Yanomami preparing hallucinogenic snuff.
Yanomami preparing hallucinogenic snuff. © Victor Englebert/Survival

Two hundred Yanomami representatives, from Brazil and Venezuela, are meeting this week for the third general assembly of Hutukara, the Yanomami Association.

At the gathering, Indigenous representatives will debate the protection of Yanomami land. Discussions will focus especially on a draft bill on mining which is being discussed in Brazil's congress. If approved, the bill will permit large-scale mining in indigenous territories. This would constitute a serious threat not only to the Yanomami but also to many other tribes in Brazil.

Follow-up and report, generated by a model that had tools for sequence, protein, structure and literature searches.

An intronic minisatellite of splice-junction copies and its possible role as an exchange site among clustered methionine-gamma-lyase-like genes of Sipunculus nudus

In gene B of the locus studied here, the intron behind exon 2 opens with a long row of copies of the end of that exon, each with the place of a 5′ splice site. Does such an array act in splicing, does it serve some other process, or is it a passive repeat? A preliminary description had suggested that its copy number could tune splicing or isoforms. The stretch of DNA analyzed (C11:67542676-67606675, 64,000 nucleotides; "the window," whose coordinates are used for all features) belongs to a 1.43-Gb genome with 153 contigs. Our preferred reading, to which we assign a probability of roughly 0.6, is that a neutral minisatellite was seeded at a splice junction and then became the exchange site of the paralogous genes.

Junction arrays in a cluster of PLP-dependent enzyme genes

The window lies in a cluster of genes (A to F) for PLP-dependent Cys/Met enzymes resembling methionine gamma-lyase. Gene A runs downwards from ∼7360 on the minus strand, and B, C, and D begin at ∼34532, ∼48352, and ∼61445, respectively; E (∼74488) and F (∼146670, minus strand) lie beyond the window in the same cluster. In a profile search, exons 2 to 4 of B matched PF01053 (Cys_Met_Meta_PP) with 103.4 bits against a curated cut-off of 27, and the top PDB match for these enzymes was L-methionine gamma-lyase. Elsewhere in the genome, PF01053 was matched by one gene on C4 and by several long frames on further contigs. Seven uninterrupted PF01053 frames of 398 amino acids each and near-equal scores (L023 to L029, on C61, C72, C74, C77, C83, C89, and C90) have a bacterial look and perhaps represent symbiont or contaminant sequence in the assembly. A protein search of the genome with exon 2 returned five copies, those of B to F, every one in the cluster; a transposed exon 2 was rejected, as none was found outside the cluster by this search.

Yanomami health is also on the agenda. Critical medical care is not reaching Yanomami communities because of corruption and incompetence in Brazil’s National Health Foundation (FUNASA).

The assembly’s coordinator, Dário Xiriana, said, ‘It is important that Yanomami discuss this mining bill so that they can understand mining, because minerals and oil have already been found in our land and the white people want to explore those things that are important to them. We worry about Yanomami land, which is sacred to us.’

The Yanomami are one of the largest relatively isolated tribes in South America. They live in the rainforests and mountains of northern Brazil and southern Venezuela.

Read Survival's report on tribal peoples' health, 'Progress can kill'